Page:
Measuring Groundwater Levels

Steel Tapes

Steel tapes are still available from several manufactures but none of these tapes has the raised numbers and markings along its entire length, which made these tapes so easy to chalk.
  • Smooth tapes are available from several different manufactures such as Lufkin, Peerless, Western, Keson, etc. and can be ordered from Forestry Supplies or Ben Meadows. Recommend the tape with a nominal thickness of 0.016" or more to resist bending.
  • One option is to let the last ten feet or so of your tape rust, which should allow the chalk to adhere better to the surface. 
  • Another option is to rough up the back side of the tape with steel wool, sandpaper or a metal file, so again, you are providing a rougher surface so the chalk will adhere better.

Fiberglass Tapes

Fiberglass tapes are being used by some Districts as an alternative to steel tapes and their comments are listed below on ways to modify these tapes for measuring groundwater levels. The disadvantage of fiberglass tapes is that they can stretch over time, but their low cost allows for easy replacement.

  • Dan Smith of Middle Republican NRD: We are currently using Chicago Fiberglass tapes and they are listed in the current Forestry Suppliers Inc. catalog. We have used Lufkin tapes in the past, but they changed to such a slick surface that we couldn't chalk them. Keson tapes are also to smooth. In our experience you must use a yellow tape. For some reason its hard to find the water cut on a white tape. We also use a duck decoy weight. This is a flat strip of lead about 1/2 inch wide and 6 inches long. They weigh from 4 to 8 ounces. This helps keep the tape from adhering to the sides of a wet casing and they don't get hung up on the flanges of an irrigation well. We take the hook off the end of the tape, fold it and use a pop rivet to make a hole to wire the weight to the tape. Copper wire of course. We retie the weight every day or the wire will break. We usually carry two tapes. That way if one gets oily we can let it soak in a jug of solvent. A tape usually lasts 2 or 3 seasons before the numbers start to wear off or it gets torn.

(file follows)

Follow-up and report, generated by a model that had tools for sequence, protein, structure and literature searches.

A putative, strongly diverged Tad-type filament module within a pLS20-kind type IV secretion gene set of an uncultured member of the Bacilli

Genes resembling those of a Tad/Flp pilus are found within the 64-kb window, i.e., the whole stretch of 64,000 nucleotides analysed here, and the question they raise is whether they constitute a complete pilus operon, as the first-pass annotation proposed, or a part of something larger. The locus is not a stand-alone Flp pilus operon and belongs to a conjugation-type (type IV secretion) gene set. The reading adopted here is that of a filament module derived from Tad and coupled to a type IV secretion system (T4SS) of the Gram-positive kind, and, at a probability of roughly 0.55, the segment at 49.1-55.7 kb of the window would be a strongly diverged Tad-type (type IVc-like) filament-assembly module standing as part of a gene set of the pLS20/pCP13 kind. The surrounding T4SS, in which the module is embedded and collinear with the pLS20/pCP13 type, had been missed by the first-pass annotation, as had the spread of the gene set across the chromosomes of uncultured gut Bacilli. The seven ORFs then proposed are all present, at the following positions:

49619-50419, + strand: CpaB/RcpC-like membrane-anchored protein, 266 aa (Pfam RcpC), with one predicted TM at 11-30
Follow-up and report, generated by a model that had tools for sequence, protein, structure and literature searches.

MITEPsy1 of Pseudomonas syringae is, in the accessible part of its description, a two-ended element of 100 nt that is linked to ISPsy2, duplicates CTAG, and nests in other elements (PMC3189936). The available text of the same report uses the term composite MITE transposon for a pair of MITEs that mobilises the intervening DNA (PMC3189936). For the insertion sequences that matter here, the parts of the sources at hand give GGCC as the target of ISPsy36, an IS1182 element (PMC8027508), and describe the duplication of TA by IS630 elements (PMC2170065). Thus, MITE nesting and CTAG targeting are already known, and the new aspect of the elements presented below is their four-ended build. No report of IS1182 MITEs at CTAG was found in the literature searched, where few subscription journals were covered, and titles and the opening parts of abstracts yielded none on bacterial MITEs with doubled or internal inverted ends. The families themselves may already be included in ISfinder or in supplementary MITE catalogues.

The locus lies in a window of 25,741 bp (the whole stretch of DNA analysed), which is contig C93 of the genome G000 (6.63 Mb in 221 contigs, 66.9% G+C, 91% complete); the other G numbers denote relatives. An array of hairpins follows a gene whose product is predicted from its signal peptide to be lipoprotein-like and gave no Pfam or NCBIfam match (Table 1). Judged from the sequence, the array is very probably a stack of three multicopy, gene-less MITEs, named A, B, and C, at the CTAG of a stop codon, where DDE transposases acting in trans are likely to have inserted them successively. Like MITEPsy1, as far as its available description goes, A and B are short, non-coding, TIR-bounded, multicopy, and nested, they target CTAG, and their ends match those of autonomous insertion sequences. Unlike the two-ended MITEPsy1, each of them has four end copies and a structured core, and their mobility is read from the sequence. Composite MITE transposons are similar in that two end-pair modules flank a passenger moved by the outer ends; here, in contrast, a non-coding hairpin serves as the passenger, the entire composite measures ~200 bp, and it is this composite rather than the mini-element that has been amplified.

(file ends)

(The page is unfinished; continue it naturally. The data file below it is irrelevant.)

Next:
• Richard Holloway of Tri-Basin NRD: I have also used fiberglass tapes in the past, but found out that especially in the spring, when there is a lot of condensation on the casing, that the tape likes to adhere & stick to the casing.
  • Dan Clement of Central Platte NRD: We do use steel tapes but would like to find some over 300ft. and also stock-up on the shorter ones. Our fiberglass tapes are Lufkin and we order them from Ben Meadows Company (1-800-241-6401) or Keson from Forestry Suppliers, Inc.(1-800-647-5368).